HC Deb 01 March 1881 vol 258 cc1946-7

asked the President of the Local Government Board, Whether it be true that a practice of vaccinating infants as early as the first week after birth, and even earlier, has been adopted in some workhouses; if it be done under the sanction of the Local Government Board; and, is the free consent of the mother in these cases first obtained?


Sir, it is quite true that a practice of vaccinating children in the first week after birth has been adopted in some workhouses, and in some individual cases I have ascertained that the operation has been performed earlier than the completion of the first half of the week; but in the Circular recently issued by the Local Government Board it was pointed out that the children might, as a rule, be vaccinated when six days old, so that the result could be ascertained on the 13th day, and before the mothers leave the workhouse, which is often at a very early period. If these children were not vaccinated in the workhouse, they would probably not be vaccinated at all. No complaints have reached mo with regard to these early vaccinations. In many cases the free consent of the mothers to the vaccination of the children has been specifically obtained. In others, where it has not been so asked for, acquiescence, in the absence of objection, has been assumed; but I am not aware of any instance where a child has been vaccinated after the refusal of the mother.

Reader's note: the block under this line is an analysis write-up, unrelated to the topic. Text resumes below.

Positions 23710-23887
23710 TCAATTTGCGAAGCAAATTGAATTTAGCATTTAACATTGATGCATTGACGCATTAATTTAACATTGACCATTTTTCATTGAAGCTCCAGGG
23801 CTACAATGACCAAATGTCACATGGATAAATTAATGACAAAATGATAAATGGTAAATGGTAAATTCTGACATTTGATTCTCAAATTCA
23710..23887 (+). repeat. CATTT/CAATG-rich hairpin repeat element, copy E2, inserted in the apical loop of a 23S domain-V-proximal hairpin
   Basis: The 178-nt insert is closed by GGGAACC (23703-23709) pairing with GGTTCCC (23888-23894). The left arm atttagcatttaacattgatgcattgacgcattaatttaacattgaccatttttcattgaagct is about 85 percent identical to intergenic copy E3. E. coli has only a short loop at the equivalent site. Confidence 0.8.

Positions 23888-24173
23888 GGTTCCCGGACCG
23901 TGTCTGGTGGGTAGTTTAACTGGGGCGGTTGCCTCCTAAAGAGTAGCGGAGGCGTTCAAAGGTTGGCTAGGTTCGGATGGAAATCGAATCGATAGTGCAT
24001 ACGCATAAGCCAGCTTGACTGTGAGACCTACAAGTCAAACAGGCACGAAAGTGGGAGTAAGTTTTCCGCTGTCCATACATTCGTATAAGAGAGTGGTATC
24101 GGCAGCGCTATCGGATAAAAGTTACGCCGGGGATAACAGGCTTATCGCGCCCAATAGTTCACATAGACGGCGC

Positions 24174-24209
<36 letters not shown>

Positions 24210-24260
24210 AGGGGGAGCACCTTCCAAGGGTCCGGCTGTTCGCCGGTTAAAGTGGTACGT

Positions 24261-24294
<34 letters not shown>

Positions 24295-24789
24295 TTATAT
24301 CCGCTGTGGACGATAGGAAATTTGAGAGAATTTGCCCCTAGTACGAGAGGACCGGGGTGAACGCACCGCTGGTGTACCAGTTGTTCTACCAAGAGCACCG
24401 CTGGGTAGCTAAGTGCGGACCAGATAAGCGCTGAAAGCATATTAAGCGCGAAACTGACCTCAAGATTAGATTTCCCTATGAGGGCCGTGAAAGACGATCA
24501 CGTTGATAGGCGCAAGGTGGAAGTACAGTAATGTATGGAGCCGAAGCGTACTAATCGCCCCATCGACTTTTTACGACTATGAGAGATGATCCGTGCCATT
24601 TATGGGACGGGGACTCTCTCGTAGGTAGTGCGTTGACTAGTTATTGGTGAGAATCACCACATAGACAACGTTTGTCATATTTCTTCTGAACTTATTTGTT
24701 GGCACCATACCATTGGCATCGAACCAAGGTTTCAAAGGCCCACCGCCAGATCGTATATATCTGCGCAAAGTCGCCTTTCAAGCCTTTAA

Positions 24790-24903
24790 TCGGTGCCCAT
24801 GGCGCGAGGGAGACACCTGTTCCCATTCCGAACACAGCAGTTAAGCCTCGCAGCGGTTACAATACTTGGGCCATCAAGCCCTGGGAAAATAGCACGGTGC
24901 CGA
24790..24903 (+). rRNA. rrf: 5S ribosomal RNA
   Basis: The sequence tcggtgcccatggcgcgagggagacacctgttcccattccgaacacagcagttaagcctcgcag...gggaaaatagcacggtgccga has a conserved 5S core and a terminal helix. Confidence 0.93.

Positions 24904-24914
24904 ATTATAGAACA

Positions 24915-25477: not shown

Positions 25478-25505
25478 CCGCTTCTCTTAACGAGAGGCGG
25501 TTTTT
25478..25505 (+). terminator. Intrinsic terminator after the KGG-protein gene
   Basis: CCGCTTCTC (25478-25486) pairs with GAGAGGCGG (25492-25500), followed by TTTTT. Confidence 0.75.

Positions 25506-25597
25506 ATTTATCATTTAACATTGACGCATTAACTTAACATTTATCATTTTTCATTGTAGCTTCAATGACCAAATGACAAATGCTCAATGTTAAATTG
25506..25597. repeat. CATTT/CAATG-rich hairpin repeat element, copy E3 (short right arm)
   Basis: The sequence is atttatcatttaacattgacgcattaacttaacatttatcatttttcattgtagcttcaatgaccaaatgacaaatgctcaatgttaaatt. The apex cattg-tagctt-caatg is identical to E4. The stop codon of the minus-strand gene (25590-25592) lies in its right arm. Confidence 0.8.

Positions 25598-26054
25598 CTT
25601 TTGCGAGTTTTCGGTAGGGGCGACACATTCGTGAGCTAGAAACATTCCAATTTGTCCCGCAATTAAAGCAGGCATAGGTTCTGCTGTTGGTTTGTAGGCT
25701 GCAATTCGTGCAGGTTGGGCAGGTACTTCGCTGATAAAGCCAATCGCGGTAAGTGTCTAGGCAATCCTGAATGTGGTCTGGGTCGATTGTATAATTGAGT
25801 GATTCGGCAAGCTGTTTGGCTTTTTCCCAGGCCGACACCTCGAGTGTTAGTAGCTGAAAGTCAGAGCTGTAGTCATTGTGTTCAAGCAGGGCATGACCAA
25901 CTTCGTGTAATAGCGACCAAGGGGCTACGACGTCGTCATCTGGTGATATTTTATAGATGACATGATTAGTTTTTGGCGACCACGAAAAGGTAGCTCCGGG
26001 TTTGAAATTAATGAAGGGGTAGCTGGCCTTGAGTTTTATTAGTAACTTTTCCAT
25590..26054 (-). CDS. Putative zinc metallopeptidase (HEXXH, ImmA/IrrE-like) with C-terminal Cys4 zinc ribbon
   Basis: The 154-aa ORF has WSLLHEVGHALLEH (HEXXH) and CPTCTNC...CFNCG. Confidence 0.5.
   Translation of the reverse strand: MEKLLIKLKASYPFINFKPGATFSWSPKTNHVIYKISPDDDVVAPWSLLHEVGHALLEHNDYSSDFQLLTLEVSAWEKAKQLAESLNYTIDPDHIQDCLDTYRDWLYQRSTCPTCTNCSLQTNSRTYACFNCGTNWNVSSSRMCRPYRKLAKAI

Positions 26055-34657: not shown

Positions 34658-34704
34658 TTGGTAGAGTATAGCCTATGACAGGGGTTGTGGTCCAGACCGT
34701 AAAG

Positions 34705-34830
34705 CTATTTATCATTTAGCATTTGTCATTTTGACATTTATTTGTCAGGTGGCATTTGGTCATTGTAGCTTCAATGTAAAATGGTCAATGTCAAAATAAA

asked the President of the Local Government Board, Whether he is aware that, owing to the increase of small-pox in Western London, many inhabitants are being re-vaccinated; and, whether, having regard to the fact that no lymph can be obtained from secondary vaccination and that great difficulty exists in obtaining lymph, he is prepared forthwith to provide a proper supply of calf vaccine or humanized lymph for all duly qualified persons applying for the same?


Sir, there is no doubt that, owing to the increase of small-pox in Western London, many persona are being re-vaccinated. It is very desirable that persons should be re-vaccinated; but it would have been much better if, instead of waiting for an epidemic of this kind, as has been done in too many instances, they had been re-vaccinated at the age at which the Board recommend it to be done. With regard to the supply of lymph, it must be borne in mind that the national vaccine establishments only undertake to supply stock, and do not supply lymph for the vaccination of every individual. I do not find, however, that any registered practitioner who has applied for lymph has yet been refused. Arrangements are in progress for providing a supply of calf vaccine; but considerable difficulties have been experienced in organizing the necessary establishment. I trust, however, that these difficulties will shortly be surmounted.